Zukunftsteam: the future of the Merkel coalition

Under increasing pressure from his own party and his own terrible campaign, CDU candidate Armin Laschet decided to include more faces in his campaign and present a “team for the future”. Not surprisingly, the execution wasn’t great.

The mise en scéne left him standing alone on stage for long, awkward gaps between each one, the status of the team is completely unclear, and its composition included an odd combination of apparently promising second line politicians from the states and, ah, Friedrich Merz. This points to deeper, structural issues. For a start, if the idea was to show that the CDU has a deep bench of talent, what was 66-year old Merz who’s been a politician since Dad was a lad doing there? Is it just that his notoriously enormous ego won’t let him pass up publicity of any kind? If so, is it just that Laschet is too weak to say no to him?

If they’re meant to be a shadow cabinet, there are other problems. For a start, Laschet is only going to make it as part of a coalition, and probably a three-party coalition, so he can’t really promise individual jobs. And there are, of course, perfectly good CDU federal ministers currently in office. Promoting anyone for a specific job that’s already held by a CDU minister amounts to promising to fire the incumbent and disavow everything they did.

Here’s the rub. The biggest issue for the CDU at this election has been whether to own the Merkel legacy or distance the party from it. The choice of candidate revolved around whether to go with a wholehearted candidate of continuity (Norbert Röttgen, or perhaps the post-2017 version of Markus Söder) or a clean break (Merz). The party of compromise decided to compromise and that’s how we got here.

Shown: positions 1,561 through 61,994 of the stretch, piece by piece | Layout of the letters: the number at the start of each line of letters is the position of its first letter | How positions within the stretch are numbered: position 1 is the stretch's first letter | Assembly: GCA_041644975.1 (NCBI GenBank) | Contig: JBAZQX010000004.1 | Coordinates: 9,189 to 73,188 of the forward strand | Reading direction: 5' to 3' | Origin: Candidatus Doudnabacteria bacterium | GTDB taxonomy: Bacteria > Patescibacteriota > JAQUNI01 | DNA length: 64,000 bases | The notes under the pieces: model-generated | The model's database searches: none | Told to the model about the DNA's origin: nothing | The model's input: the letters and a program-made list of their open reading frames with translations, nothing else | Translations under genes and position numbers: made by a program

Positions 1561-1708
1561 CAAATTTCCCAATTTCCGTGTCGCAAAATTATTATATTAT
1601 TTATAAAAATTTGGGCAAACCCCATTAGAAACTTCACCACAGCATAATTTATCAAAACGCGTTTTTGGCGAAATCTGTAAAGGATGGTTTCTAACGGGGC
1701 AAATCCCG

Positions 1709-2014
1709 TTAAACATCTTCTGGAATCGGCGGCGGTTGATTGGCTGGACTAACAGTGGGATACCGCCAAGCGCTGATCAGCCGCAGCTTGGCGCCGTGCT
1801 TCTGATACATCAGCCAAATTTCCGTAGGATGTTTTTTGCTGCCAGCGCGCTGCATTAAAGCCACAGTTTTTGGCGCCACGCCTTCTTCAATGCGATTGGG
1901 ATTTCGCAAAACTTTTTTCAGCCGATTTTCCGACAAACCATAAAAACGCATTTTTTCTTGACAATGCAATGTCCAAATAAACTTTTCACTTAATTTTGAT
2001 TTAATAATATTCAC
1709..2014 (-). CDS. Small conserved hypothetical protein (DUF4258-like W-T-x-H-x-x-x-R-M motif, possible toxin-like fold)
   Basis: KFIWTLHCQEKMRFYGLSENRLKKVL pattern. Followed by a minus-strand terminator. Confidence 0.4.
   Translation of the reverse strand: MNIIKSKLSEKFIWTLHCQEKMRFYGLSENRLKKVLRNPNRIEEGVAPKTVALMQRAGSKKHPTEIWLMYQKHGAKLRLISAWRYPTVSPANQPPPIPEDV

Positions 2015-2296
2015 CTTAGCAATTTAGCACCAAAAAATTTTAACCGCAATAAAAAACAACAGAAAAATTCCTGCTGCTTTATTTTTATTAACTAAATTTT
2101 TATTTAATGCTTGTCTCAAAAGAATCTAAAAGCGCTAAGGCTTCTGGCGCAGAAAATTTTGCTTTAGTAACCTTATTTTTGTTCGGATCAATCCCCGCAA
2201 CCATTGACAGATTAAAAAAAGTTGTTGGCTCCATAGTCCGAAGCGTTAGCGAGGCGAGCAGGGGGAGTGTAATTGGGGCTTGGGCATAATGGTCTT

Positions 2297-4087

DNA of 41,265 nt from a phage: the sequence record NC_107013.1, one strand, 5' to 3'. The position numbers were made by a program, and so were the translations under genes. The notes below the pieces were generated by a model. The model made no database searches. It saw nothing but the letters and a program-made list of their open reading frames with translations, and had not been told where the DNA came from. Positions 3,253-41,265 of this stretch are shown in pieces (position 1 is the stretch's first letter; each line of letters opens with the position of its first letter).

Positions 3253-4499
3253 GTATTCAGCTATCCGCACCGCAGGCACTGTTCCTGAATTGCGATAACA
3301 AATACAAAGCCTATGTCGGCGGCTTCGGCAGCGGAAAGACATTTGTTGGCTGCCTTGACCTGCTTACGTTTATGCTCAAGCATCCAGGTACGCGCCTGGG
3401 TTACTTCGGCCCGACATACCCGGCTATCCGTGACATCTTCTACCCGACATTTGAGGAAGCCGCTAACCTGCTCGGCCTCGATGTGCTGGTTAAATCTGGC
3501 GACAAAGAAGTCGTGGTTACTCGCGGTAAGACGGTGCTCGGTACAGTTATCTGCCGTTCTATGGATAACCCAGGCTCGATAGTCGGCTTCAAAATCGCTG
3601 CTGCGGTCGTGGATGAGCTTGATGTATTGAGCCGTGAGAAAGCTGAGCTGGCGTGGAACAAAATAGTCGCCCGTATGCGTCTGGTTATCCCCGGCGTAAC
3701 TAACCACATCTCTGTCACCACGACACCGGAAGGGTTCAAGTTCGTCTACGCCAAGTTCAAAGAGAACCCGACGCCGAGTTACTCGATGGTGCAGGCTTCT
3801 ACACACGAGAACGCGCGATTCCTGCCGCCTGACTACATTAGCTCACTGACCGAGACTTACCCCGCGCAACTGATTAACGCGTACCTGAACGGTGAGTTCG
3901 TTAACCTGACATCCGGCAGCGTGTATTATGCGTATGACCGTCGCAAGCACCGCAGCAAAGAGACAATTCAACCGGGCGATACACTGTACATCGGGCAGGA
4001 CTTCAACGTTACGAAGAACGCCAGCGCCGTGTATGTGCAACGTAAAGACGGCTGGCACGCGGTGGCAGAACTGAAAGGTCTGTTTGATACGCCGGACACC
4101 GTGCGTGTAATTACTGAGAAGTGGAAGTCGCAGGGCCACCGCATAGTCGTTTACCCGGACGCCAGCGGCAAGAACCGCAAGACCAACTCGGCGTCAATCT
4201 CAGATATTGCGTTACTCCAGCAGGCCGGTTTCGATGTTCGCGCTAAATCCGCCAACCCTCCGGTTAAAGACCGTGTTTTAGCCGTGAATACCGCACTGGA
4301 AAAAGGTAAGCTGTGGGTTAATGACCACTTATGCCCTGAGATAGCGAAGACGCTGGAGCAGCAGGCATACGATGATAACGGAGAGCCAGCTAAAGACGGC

The problem, really, is that Merkel created a new political coalition, on which her success is founded.

This coalition runs diagonally, as the Germans say, across politics including a chunk of the SPD’s traditional voting bloc and mobilizing women, immigrants, and non-Catholics, groups with whom the CDU usually struggles. I wrote about this here, arguing among other things that the coalition’s organizing principle was that it set its own European or global outlook against nationalists or even local particularists. Diagonal coalitions in Germany go back to Bismarck, and the importance of particularism much earlier, but despite this transformation of the CDU electorate, there was no such transformation of the CDU as a party. The three candidates for the succession, all men, all Catholics, and all lawyers, all came from a 90km triangle in in the northern Rheinland.

Keeping this coalition together requires owning the Merkel legacy, which shouldn’t be that hard. Albert Funk writes that the team showed the CDU as Merkel left it – more liberal, more diverse, and more open to the world. The problem, though, is that the party is unwilling to fully own this even though it remains popular. To take the limiting case and the one Merkel initiative everyone asks you about, 62% of Germans think the country will cope just fine with another wave of refugees:

Statistik: Wenn wieder deutlich mehr Flüchtlinge kommen: Kann Deutschland das verkraften? (Anteil der Zustimmenden; nach Parteipräferenz) | Statista
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And if you’re in the Merkel coalition, there’s an obvious choice. The SPD was often criticised for being too close to the coalition, but with Merkel gone and the CDU unclear about whether it really believes in what it’s been doing since 2005, that logic now cuts both ways. The coalition exists, and you can run towards it!

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